somewhen 2014:

- foreach pdf in a directory, appending a text line to the index file, which has the same name but a different extension

- me, writes the code real quick
"you tried it?"
"nah trust me"

- appended text to pdf instead of index files, all files were destroyed

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    Had a backup?
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    sort of... actually no... but the customer had... was embarassing, because we guaranteed 7years of revision safe storage hehe
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    Did you at least learn from that?

    For everything like this I've had to do I've always done a dry-run with 2-3 files that are copied over specifically for the test; then, when I know what's up, I know I can run the thing on the real files.
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    sure, i'd been senior architect for years at that time, preaching to my people the exact thing you said,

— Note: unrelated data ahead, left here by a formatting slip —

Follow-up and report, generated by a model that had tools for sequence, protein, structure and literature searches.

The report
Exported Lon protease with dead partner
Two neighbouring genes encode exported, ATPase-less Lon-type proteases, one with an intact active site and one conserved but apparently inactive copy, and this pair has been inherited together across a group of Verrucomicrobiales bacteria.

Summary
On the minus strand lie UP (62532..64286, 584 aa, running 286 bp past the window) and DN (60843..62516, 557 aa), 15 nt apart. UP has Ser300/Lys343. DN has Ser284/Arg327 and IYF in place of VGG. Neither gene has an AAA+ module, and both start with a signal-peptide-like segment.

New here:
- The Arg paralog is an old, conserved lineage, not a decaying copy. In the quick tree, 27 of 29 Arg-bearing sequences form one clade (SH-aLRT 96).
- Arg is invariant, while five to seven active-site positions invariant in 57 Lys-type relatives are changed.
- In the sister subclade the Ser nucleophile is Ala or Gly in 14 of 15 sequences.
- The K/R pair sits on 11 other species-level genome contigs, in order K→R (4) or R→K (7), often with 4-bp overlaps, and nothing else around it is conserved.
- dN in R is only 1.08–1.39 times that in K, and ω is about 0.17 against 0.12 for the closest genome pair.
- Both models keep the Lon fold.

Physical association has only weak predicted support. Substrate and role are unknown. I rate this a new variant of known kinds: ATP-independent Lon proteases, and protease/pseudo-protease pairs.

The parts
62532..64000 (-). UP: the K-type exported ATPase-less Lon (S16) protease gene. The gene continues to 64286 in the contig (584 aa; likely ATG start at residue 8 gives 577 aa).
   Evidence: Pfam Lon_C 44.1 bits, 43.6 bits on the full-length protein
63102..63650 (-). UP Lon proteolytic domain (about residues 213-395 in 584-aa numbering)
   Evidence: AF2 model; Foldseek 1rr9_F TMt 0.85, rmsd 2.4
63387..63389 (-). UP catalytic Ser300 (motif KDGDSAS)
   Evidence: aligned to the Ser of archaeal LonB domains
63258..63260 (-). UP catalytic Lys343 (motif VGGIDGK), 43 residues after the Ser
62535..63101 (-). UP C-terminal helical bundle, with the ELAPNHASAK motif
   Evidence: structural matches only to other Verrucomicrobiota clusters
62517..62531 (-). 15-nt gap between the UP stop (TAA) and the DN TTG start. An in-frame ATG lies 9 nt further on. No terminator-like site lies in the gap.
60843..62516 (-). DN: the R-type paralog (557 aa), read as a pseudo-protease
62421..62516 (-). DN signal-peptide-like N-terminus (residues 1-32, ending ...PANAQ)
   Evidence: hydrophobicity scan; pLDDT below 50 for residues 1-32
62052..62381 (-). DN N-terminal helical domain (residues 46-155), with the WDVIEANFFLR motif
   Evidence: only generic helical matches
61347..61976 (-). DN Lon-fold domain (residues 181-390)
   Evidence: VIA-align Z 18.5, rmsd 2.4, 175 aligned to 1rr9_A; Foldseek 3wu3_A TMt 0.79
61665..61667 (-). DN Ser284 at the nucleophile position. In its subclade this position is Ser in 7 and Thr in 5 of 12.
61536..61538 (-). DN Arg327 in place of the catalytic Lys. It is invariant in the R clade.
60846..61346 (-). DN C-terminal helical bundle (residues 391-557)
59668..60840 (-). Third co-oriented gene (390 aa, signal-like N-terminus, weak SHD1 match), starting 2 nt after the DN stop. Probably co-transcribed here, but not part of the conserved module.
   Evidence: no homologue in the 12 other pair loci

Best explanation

over and over again.. but theres that one moment when you get overconfident, and time runs out, and then you do it.
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    well... in theory... if you append a text to whatever file, destroying the file, removing the appendedText.Length number of characters from its end might un-destroy those files?

    did you give that a try?
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    @devnulli Cool, at least it's a little comforting to know that people do stupid mistakes regardless of their seniority.
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    Anything that goes by customer has to be double-triple-quadruple tested. That's 24 times testing whether every little change works.

    Learned it hard way as well. But not that hard.

    But my first ever script in Python that looks more like Bash and does backup works on several customers' systems.
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    yea but it didnt work
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    yea when you stop making mistakes you should quit. you work the code, you make mistakes.

    luckily, in the last years, coding practices let the detection of those mistakes get shifted more and more to the left.

    never making them, thats only happening when you get away from the code. to the slides. i hate slides. i rather make mistakes
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